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Walker wants to maintain UW tuition freeze for 2 more years

By TODD RICHMONDAugust 3, 2016

MADISON, Wis. (AP) — University of Wisconsin System officials are warning that extending a tuition freeze for another two years could result in fewer classes and a longer, costlier path to graduation, putting the state’s future at risk.

Gov. Scott Walker sent a letter to state agency heads July 25 saying he wants to maintain the freeze through the 2017-19 state budget and the system shouldn’t expect additional state aid in the spending plan. Walker is still considering more money for UW if system schools meet performance benchmarks, but he hasn’t said what the schools would have to accomplish to win that money or how much funding would be available.

“Continued budget cuts and frozen tuition cannot be sustained,” system President Ray Cross said in a column released Tuesday. “Wisconsin is at a crossroads. We can either choose to invest in our future, in the future of our children, and in the future of our state, or we can give the university system a lower priority and put our future at risk. The choice is ours.”

Republicans first froze system tuition for in-state students in the 2013-15 budget after word broke that UW schools were sitting on massive reserves while system leaders raised tuition year after year. The GOP extended the freeze through the 2015-17 budget and cut $250 million from the system on top of it, resulting in layoffs, administrative consolidations, reduced advising and fewer course offerings, according to system summaries of the cut’s effect.

System spokeswoman Stephanie Marquis warned that continuing the freeze without aid could mean fewer classes, which translates to a longer path to graduation and higher student costs in the long run.

“The system would not be able to absorb this type of hit for six years straight,” Marquis said in an email.

But Walker said in his letter that he wants to keep UW schools affordable. He also warned that almost all state agencies, including UW, should expect zero growth in their budgets over the next two years. The only exceptions will be K-12 education, state prisons, medical assistance programs and vocational training programs.

“To build on our commitment to student success, we must extend our tuition freeze. This will make our universities affordable and accessible,” Walker wrote.

“As you know, achieving our goals and maintaining such successes require constant discipline,” he added. “Therefore ... I am directing most agencies to maintain their (current funding levels).”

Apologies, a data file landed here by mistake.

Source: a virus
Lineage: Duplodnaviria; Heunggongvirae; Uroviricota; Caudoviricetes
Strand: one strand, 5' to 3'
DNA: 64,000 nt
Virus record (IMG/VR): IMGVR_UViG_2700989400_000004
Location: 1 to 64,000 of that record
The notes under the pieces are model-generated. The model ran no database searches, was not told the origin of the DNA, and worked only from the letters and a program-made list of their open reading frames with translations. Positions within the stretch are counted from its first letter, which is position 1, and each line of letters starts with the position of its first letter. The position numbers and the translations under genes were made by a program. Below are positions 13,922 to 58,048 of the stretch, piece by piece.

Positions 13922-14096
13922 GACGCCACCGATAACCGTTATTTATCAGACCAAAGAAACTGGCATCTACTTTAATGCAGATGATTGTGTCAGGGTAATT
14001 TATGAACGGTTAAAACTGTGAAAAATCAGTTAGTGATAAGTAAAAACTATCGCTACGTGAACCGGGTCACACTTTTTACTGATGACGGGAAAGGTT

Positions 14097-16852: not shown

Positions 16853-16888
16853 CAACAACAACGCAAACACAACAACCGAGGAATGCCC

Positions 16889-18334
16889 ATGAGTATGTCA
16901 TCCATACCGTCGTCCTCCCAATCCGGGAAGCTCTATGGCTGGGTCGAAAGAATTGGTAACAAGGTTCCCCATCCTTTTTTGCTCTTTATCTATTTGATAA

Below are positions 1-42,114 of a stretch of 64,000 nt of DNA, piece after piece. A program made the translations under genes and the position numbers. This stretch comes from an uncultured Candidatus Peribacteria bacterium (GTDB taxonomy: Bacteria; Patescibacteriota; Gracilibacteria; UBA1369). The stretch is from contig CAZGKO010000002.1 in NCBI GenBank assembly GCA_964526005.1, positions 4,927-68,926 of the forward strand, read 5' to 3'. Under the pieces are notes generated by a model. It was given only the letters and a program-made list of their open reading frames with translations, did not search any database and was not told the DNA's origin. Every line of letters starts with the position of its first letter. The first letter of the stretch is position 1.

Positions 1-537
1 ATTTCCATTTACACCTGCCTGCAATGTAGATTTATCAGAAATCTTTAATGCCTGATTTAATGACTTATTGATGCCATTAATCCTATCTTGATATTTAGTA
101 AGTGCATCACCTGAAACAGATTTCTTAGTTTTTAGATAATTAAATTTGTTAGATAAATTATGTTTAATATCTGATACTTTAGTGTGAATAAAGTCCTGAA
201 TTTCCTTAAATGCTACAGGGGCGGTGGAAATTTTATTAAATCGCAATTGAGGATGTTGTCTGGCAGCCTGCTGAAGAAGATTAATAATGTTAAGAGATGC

State agencies must turn in their budget requests to Walker’s office by Sept. 15. UW regents plan to consider the system’s request during a meeting later this month. Marquis said the request will include new initiatives to address student affordability. She didn’t elaborate on the initiatives, saying in follow-up emails that the request isn’t ready yet but if Walker funds the initiatives “we’ll be in better shape.”

Carmen Gosey, chairwoman of the Associated Students of Madison, UW-Madison’s student government, said she’s worried the system will recruit more out-of-state students who pay higher tuition to generate revenue, squeezing out Wisconsin students.

“It makes admission harder for in-state students,” she said. “The state needs to invest in higher education.”

Assembly Minority Leader Peter Barca, D-Kenosha, said in an email that telling state agencies to expect zero growth in funding reflects a lack of direction. As for the tuition freeze, Barca said it helps students only if the state offsets it with aid.

“Governor Walker and Republicans in the Legislature look at the UW System and see an enemy to be attacked,” said Rep. Dana Wachs, an Eau Claire Democrat who sits on the Assembly’s colleges committee.

Sen. Steve Nass, a Whitewater Republican and vice-chair of the Senate universities committee, issued a statement saying the freeze must be extended to protect families and students from a tuition spike.

The governor will present his executive budget early next year. The Legislature’s finance committee will revise the document before sending it to the full Senate and Assembly for votes. The spending plan then goes back to Walker, who can use his veto power to tweak the document to his liking. The entire process will likely last into next summer.

Bob Delaporte, a spokesman for Sen. Alberta Darling, a River Hills Republican who serves as finance committee co-chair, said she’s waiting for more details on Walker’s plan but has supported the tuition freeze in the past as a way to make college more affordable.


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